French President Emmanuel Macron has promised significant tax cuts but also a return to public order in France as he revealed his long-awaited response to nearly half a year of street protests.
In the first formal domestic news conference of his entire presidency, Mr Macron steered clear of bombshell announcements but promised the French a more humane style of governance.
He said he wants to scrap the elite university ENA - a factory for top French bureaucrats and presidents including Mr Macron himself - but did not outline a concrete plan for doing so.
Mr Macron, 41, swept to power in 2017 on hopes he would be a youthful breath of fresh air for France.
But over the past half year, the momentum has been knocked out of his presidency by the anti-government "yellow vest" movement which has held weekly protests against social inequality.
"I want cuts for people who work by significantly reducing income taxes," said Mr Macron in his headline announcement at the news conference inside the Elysee Palace.
He said the tax cuts would be worth €5bn and financed by eliminating corporate tax breaks, working longer hours and reductions in public spending.
His announcement came after a vast listening exercise called the Great National Debate launched in response to the protests where high taxes emerged as one of the main gripes.
Mr Macron defended a controversial decision to scrap a wealth tax early in his term but said it would be reviewed in 2020, adding: "It was a reform to stimulate production, not a present for the rich."
With yellow vest protests still rocking France every Saturday, Mr Macron vowed to press ahead with reforms programme and warned the protest movement - whose demonstrations have often turned violent - that it is time for a return to order.
"The transformations that are in progress and the transformations that are essential for our country should not be stopped," he said.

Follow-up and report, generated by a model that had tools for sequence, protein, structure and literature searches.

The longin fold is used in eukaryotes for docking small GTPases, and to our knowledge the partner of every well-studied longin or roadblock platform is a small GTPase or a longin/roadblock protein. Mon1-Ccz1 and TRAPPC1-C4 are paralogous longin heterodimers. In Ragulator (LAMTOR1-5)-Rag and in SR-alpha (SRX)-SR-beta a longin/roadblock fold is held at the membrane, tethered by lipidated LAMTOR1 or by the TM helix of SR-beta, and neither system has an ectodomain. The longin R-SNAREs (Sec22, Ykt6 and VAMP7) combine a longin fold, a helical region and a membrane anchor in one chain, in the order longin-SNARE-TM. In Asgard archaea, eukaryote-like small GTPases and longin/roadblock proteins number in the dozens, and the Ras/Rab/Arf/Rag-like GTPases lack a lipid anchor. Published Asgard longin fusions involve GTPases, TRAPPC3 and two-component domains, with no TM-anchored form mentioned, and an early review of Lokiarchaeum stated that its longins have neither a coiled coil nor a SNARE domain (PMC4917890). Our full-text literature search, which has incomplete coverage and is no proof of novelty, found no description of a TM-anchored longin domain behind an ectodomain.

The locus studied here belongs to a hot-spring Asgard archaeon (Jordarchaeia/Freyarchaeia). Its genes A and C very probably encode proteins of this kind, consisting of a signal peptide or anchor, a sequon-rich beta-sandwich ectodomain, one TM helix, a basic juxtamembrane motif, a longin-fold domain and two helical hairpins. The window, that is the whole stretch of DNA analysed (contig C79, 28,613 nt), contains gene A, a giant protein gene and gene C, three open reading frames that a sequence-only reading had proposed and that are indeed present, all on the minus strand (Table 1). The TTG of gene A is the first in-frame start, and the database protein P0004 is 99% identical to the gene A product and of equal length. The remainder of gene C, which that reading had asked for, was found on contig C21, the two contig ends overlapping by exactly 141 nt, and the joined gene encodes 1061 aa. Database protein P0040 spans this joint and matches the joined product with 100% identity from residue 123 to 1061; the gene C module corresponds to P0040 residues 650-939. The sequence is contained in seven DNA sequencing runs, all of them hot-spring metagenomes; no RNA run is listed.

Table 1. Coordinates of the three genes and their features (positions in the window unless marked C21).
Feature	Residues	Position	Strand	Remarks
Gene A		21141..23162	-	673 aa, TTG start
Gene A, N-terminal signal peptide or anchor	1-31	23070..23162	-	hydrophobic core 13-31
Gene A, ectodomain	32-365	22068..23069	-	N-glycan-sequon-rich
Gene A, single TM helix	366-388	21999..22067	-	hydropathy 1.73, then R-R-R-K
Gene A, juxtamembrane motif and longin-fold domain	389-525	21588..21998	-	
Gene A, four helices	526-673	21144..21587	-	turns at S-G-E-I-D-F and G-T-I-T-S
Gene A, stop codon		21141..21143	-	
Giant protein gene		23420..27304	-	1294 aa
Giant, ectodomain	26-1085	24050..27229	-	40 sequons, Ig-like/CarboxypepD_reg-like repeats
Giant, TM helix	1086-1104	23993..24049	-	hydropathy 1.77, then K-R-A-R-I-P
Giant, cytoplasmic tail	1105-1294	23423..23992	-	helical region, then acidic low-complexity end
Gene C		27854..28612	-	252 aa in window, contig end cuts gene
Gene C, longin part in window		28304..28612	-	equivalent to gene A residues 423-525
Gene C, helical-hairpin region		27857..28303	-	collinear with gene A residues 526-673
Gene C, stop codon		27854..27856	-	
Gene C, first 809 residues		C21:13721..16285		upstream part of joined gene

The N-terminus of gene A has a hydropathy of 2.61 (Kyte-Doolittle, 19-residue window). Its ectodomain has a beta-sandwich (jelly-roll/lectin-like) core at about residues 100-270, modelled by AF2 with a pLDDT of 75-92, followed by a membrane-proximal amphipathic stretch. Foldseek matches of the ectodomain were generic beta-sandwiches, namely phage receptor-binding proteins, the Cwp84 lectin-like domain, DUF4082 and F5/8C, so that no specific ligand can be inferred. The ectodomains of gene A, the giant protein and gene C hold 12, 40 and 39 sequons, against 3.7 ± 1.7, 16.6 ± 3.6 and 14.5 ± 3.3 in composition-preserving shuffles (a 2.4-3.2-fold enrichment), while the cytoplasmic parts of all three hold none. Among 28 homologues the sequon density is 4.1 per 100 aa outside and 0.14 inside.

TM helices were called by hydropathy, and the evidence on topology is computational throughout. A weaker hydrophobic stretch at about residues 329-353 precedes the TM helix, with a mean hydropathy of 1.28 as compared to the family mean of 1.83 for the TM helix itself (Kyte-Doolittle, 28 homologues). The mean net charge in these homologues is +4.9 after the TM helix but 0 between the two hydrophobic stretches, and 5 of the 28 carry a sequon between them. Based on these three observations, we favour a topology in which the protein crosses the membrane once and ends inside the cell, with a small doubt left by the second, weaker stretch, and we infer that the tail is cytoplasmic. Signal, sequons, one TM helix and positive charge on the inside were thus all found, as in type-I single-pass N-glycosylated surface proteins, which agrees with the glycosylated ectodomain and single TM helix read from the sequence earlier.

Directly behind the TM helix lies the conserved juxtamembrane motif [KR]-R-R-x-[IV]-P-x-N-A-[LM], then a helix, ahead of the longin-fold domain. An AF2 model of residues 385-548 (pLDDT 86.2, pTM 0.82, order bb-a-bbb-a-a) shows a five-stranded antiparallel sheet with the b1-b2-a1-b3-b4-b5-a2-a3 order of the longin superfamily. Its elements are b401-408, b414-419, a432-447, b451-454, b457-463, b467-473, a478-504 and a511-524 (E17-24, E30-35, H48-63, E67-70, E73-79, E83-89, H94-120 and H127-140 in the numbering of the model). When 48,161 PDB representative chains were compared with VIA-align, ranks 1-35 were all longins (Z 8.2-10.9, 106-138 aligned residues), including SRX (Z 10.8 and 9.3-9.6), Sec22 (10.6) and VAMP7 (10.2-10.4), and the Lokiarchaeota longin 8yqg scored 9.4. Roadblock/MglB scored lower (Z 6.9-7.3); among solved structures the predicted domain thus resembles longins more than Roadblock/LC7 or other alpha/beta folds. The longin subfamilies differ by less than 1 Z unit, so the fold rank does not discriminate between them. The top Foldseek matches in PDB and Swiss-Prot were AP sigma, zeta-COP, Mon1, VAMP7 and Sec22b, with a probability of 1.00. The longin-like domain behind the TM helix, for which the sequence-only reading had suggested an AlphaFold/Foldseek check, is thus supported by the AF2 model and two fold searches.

He recognised that the yellow vest movement had led to many in France feeling "anger and impatience for change" and praised its "just demands".
But he lamented that the movement had "transformed progressively" and been hijacked partly by episodes of anti-Semitic violence, attacks on journalists and homophobia.
He said the hatred seen in some of the demonstrations marked a "regression in civic morality and education and I will fight against it with all my strength."
Mr Macron, sitting alone at a desk at the palace's vast main reception hall, the Salle des fetes, gave an initial speech then answered questions from reporters.
It was their first chance for some time to question a head of state who had previously only spoken to media at press conferences during foreign trips or at home with foreign leaders.
Criticised for often seeming aloof to people's daily concerns - in one episode telling an unemployed man to "cross the road" to find a job – Mr Macron attempted to show a more humble side.
He said the second part of his mandate would be "more humane" and said he regretted giving a sense of "always giving out orders, being hard, sometimes unfair".
He said he wanted to put the "human being at the heart of the agenda" with a "new method" of governance.
On ENA, the post-graduate school that has educated top French politicians and public officials since 1945 and seen as a symbol of French elitism, he said: "We will need to abolish ENA, among others, to be able to build something else."
Opinion polls show his popularity rating stuck on or even under 30%, a far cry from the heady days after his inauguration when his approval rating was over 60%.
Mr Macron already has his eye on the 2022 presidential election, acutely aware that his predecessors Nicolas Sarkozy and Francois Hollande only lasted one term and failed to implement lasting change.
At stake is not just his ambitious agenda to modernise France but his status as a global statesman able to stand up to US President Donald Trump and lead Europe as German Chancellor Angela Merkel steps aside and Britain is bedevilled by Brexit.
He admitted differences with Ms Merkel, including on Brexit where Berlin has taken a tougher line than Paris.
The scheduling of the big speech was also troubled – Mr Macron had been due to make his announcement via a pre-recorded address which was to be broadcast on 15 April.
But just two hours beforehand, Notre-Dame cathedral went up in flames, forcing the presidency to cancel the broadcast as Mr Macron rushed out to the burning Paris landmark.
A day later, the entire text of his reform plan speech was leaked to the media, leaving a major quandary for the Elysee, which was left wondering whether to rehash the old speech or try something new.